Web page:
Just a block away from the Intel Developer Forum, AMD is hosting its own press event, which, apart from the Radeon HD 7000 GPU series demo we reported about yesterday, also includes a notebook that is powered by an upcoming Trinity APU.
The system was showcased running Deux Ex right next to an Intel Sandy Bridge laptop, the AMD machine handling the game with a lot more ease than its counterpart, as you can clearly see from the video enclosed in this article.
AMD expects Trinity to be 50% more powerful that the A-Series Llano APUs that were launched in mid-June.
Much of this power comes from the inclusion of Bulldozer x86 CPU cores, which will be paired together with an updated DX11 GPU architecture.
The Bulldozer cores used in Trinity will go by the code name of Piledriver and, much like the current Llano processors, will lack any sort of Level 3 cache memory as AMD wanted to increase the die area available to the on-board GPU.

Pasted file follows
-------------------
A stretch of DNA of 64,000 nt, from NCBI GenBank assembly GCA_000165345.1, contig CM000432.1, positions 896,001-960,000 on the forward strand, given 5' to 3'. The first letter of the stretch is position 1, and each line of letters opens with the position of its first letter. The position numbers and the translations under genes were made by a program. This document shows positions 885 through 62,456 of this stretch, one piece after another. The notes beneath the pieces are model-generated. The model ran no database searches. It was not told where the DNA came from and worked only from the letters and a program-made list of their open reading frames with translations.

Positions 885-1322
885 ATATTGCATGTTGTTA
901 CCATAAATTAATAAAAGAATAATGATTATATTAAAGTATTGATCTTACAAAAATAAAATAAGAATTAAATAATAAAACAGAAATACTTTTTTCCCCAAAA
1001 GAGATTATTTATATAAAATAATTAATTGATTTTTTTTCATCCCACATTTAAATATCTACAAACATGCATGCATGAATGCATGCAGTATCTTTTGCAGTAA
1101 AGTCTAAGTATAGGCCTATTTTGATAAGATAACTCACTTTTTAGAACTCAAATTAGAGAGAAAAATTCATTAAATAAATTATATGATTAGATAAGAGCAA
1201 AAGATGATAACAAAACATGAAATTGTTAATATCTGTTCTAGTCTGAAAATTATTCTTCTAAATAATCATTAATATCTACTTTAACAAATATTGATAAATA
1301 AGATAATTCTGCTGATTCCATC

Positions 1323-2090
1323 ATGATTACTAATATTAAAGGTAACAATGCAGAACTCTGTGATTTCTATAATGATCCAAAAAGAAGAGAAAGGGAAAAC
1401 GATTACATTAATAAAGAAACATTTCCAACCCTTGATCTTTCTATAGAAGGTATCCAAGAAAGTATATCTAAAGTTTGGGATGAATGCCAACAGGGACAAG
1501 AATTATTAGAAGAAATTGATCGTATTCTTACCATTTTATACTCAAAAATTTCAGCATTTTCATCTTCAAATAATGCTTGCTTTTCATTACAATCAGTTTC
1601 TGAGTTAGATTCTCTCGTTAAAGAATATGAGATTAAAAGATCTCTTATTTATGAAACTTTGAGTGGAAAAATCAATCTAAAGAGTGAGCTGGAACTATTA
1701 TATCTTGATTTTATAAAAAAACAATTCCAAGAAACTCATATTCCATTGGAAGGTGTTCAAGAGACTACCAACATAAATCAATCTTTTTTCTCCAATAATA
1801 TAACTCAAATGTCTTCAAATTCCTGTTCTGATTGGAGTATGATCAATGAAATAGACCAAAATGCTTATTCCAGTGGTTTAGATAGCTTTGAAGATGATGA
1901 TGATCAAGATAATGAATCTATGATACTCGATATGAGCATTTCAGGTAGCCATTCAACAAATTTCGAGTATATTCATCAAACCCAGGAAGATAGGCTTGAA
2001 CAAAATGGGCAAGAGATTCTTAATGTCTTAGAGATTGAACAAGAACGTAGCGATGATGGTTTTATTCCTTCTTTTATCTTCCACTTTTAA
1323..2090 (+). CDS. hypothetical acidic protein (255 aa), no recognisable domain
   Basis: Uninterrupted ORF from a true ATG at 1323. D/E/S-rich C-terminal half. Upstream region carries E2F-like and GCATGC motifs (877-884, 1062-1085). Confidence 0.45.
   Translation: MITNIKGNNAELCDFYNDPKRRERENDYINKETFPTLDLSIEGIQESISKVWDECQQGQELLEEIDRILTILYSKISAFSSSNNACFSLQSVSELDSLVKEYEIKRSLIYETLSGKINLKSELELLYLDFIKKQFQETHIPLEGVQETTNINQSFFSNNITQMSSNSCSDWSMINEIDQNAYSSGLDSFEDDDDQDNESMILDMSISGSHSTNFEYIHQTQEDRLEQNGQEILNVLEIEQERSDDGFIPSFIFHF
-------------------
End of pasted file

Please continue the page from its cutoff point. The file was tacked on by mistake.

According to AMD, Piledriver based APUs will be divided into three main versions for specific price-points and markets.
Trinity will be the most powerful of these and will cover the performance segment of the APU line, which is now occupied by Llano A8 parts.
Right under Trinity will come Weatherford, which covers the upper-mainstream segment and replaces the Llano based A6-series, while the least powerful of the new Piledriver APUs will be called Richland.
This will target the lower-mainstream market segment and is meant to replace the current dual-core A4-series APUs.
AMD's Trinity accelerated processing units are scheduled to be launched in 2012, should include more than 2 billion transistors, two or four computing cores and are built using 32nm fabrication process. (via AnandTech)